Both sides advance towards each other.

Throwing caution to the wind, I advanced my pachyderm brigades forward, unaware at this point how tough fighting Phalanxes would be.

My slingers unleash hell at Keith's light cavalry, almost causing them to take a break test. Somehow I think they must be related to David of Biblical fame.

Trump and Nelly at this point failed a morale test to charge those massed pikes. However Colonel Hathi pushed forward and caught the light infantry as they tried to evade.

Having seen the light cavalry being driven back by shooting from the chariots, the cataphracts charged in, supported by their commander.

My plan, if it could be called one, was to try and slow down the advance of the enemy units in the centre, so that I could move my heavy infantry to cover the bridge and hopefully the ford as well.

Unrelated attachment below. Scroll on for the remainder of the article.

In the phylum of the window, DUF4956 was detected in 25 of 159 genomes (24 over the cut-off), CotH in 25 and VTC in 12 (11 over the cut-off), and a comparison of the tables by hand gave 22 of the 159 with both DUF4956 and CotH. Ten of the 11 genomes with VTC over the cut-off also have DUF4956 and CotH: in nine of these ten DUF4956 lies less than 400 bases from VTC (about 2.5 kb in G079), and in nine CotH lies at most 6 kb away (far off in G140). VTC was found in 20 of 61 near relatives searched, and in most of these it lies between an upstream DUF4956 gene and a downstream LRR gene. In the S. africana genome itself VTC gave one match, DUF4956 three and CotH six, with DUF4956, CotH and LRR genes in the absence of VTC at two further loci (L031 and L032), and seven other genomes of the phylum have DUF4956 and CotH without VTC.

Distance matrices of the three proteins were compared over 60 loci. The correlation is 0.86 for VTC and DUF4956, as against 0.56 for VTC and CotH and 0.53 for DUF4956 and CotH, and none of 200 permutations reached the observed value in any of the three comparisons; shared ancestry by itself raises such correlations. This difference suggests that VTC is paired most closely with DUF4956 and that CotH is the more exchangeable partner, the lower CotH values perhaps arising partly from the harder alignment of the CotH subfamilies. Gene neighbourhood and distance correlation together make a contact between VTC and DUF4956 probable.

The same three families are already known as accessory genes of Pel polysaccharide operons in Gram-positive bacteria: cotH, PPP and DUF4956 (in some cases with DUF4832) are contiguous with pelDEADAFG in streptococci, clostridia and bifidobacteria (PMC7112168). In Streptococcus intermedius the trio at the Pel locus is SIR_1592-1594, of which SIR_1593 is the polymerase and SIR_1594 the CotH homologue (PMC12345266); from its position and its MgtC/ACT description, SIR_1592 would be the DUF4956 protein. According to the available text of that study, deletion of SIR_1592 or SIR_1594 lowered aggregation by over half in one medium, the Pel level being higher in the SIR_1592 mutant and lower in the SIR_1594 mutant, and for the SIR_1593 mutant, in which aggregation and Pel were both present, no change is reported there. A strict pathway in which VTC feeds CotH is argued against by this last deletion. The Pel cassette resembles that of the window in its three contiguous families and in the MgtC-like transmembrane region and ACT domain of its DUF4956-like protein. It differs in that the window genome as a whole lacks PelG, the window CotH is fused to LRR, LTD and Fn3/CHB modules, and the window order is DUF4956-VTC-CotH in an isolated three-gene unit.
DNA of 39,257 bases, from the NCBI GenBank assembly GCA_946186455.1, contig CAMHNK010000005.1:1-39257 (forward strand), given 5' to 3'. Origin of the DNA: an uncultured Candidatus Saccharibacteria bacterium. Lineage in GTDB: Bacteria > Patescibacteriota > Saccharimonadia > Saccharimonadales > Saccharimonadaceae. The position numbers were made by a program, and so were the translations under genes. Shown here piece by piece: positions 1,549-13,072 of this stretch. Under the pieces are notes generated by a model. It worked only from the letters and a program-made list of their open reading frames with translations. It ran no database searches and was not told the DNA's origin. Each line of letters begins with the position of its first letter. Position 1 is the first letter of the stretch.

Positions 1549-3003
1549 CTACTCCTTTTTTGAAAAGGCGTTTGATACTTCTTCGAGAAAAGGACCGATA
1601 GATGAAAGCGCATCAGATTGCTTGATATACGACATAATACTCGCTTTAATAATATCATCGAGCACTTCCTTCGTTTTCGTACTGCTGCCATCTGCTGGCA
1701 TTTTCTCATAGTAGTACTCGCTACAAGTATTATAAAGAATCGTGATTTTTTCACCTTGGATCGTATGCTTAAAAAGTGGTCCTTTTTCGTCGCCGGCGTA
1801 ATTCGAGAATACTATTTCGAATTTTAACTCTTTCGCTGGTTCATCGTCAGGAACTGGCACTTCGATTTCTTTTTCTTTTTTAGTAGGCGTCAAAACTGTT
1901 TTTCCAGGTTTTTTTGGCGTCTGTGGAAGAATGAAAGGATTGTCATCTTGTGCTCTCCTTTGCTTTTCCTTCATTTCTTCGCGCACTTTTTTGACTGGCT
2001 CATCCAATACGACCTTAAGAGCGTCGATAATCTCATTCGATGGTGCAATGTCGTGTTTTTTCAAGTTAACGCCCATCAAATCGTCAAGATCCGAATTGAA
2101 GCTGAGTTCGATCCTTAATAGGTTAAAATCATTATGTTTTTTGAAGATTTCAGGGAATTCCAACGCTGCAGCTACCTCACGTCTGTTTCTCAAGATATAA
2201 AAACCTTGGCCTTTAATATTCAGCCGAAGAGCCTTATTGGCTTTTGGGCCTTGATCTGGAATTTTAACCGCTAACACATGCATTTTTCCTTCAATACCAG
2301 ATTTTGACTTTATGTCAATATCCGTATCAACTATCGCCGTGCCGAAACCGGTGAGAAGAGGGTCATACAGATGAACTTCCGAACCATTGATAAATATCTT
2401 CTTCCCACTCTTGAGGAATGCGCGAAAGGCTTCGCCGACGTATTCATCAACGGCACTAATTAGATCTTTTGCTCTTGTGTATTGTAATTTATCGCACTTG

An battle of attrition develops on my left flank, as the chariots prove to be tough nuts to crack. 

Trump and Nelly are charged by the phalanxes...

... which dispatch them with ease.

Things get a bit complicated as multiple melees develop...

... but I come out of it in a better position.

My troops continue to cover the objectives as Keith advances in the centre.

Though Keith dominates the centre, my left flank looks to be moving towards turning his right flank if all goes to plan.

The decisive action could be between Keith's phalanxes and my heavy infantry.

The battle appears to be moving in my favour.

Keith's cavalry are in danger of being taken in the flank.